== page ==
Shunned county board pick: 'This is all about race and gender'

Shunned county board pick: 'This is all about race and gender'

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URBANA — On the night that attorney Tracy Douglas fulfilled a dream by being sworn in as the newest member of the Champaign County Board from District 6, rival Charles Young stole the show with a blistering attack against fellow Democrats.

Young, a retired education historian at the University of Illinois, thought he had possession of the county board seat once held by Democrat Josh Hartke following a vote by precinct committeemen on May 17.

But after county board Chairman C. Pius Weibel cried foul, expressing concerns over some irregularities in that meeting, including the length of time given for notification and the alleged counting of votes representing areas not part of the district, Democratic Party leaders ordered a do-over.

"According to central committee rules, notification is supposed to be five days," Weibel said. "Only two days were given."

When the precinct committeemen assembled for the re-vote on June 10, it was Douglas, not Young, who emerged victorious.

According to Weibel, Young did not attend the June 10 meeting for the re-vote.

Thursday was swearing-in day for Douglas, who took the oath of office from County Clerk Gordy Hulten following a 15-4 ratification vote by the board.

Young used the meeting as an opportunity to launch criticism against the Democrats who left him on the outside looking in.

"This is all about race and gender," Young said. "To the chair of the Champaign County Board and his sneaky Democratic colleagues and friends, your political process of voting with the new female candidate that you always wanted is illegal, unconstitutional, a scam, a hoax and a dishonor to the entire Democratic Party."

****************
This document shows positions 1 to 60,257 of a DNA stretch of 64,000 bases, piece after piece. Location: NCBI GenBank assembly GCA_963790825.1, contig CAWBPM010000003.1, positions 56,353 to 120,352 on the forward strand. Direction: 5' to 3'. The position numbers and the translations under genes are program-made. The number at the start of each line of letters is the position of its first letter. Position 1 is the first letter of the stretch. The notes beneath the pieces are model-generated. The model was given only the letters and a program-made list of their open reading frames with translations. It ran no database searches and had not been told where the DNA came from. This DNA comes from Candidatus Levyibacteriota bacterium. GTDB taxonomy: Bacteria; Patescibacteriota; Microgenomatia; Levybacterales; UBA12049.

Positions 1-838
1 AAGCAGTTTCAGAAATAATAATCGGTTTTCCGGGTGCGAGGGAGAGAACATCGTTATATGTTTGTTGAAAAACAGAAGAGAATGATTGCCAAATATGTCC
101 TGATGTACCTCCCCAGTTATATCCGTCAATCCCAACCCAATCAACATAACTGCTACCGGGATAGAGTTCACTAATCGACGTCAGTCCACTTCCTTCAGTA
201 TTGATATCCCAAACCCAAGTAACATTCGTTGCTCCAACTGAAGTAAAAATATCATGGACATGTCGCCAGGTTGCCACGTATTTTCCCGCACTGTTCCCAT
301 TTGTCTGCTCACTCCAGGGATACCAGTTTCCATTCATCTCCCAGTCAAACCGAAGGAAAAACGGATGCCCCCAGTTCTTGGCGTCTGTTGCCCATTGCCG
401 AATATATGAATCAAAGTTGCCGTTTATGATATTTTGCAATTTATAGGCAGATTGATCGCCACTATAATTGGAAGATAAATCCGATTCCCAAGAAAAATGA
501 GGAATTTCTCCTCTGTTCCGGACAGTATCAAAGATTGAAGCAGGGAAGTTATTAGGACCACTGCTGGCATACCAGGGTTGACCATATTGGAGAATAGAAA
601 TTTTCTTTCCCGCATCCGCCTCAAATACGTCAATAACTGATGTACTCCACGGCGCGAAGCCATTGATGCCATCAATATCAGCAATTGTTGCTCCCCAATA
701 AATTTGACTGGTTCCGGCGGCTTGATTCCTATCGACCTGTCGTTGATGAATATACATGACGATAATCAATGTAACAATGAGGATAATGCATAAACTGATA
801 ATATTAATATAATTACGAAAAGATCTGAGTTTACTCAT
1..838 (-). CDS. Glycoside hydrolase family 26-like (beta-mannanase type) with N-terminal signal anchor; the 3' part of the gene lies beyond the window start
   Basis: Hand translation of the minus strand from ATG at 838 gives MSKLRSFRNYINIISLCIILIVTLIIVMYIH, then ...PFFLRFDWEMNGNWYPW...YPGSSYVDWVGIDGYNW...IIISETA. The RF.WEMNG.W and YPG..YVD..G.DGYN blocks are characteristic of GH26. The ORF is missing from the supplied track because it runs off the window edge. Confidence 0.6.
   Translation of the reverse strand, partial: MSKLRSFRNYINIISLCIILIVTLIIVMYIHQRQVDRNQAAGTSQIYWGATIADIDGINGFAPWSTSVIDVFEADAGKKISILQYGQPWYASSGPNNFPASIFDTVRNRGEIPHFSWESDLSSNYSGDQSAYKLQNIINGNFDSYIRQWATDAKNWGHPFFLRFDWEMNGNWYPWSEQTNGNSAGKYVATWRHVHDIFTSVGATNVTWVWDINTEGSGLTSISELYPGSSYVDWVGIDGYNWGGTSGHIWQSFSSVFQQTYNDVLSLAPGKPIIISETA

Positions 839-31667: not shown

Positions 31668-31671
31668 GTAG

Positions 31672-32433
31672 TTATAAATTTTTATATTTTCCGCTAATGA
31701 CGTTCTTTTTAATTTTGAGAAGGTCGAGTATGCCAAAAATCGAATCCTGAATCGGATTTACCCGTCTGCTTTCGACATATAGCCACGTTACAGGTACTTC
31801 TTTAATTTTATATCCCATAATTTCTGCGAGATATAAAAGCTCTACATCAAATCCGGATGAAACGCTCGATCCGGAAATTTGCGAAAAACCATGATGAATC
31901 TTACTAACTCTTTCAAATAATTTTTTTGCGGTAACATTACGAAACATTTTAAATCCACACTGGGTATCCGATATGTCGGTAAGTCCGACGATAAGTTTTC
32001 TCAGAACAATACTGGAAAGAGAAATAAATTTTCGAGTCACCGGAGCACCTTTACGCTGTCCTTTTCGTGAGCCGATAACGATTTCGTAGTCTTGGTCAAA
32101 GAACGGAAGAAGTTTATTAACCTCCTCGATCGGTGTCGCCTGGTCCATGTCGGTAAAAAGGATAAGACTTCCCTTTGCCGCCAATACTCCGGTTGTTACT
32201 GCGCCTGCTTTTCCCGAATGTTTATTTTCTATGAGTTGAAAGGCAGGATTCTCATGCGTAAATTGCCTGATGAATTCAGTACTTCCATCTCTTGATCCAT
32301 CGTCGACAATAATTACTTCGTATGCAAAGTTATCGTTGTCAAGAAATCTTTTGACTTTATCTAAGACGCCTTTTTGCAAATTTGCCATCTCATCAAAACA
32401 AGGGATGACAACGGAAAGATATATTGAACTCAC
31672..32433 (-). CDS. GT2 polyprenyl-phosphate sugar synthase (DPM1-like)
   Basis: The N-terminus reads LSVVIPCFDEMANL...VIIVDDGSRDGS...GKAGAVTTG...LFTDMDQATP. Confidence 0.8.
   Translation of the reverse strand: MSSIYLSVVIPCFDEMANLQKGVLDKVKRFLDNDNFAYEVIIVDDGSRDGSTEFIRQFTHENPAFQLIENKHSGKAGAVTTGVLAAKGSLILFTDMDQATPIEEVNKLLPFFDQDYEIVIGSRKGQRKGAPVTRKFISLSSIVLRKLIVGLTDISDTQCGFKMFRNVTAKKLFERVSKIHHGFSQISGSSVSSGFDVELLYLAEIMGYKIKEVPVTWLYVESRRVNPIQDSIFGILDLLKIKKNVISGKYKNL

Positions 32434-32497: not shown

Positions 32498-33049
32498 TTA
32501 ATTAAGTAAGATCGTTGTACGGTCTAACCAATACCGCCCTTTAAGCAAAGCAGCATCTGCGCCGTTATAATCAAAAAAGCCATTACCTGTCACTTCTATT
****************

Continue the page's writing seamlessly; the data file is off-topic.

Young described the circumstances as racist.

"You and your county-board good-ol'-boys team promised your male friend who previously held the vacant seat that it would be filled by another friend of y'all by any means necessary, even it required sophisticated racist practices to accomplish it," he said.

Douglas, for her part, took the high road, saying she is excited to be a part of the county board.

"I am excited to continue my public service career and serve the public of Champaign County," she said.

Douglas, 33, is a supervising attorney at the University of Illinois College of Law's community preservation clinic. Her term on the county board runs through Nov. 30.

"I serve the public in my role at the clinic," she said. "When there was an opening on the county board, I thought it would be a great opportunity to do more. I think my voice on the board will be helpful because I am an attorney working with a wide variety of clients."

Following the meeting, Young told The News-Gazette he intends to run for the District 6 county board seat in an upcoming election.

"It has been very, very bad to go through this," Young said. "To see this happen has been devastating as an African-American. People don't know our feeling until you are in our skin."

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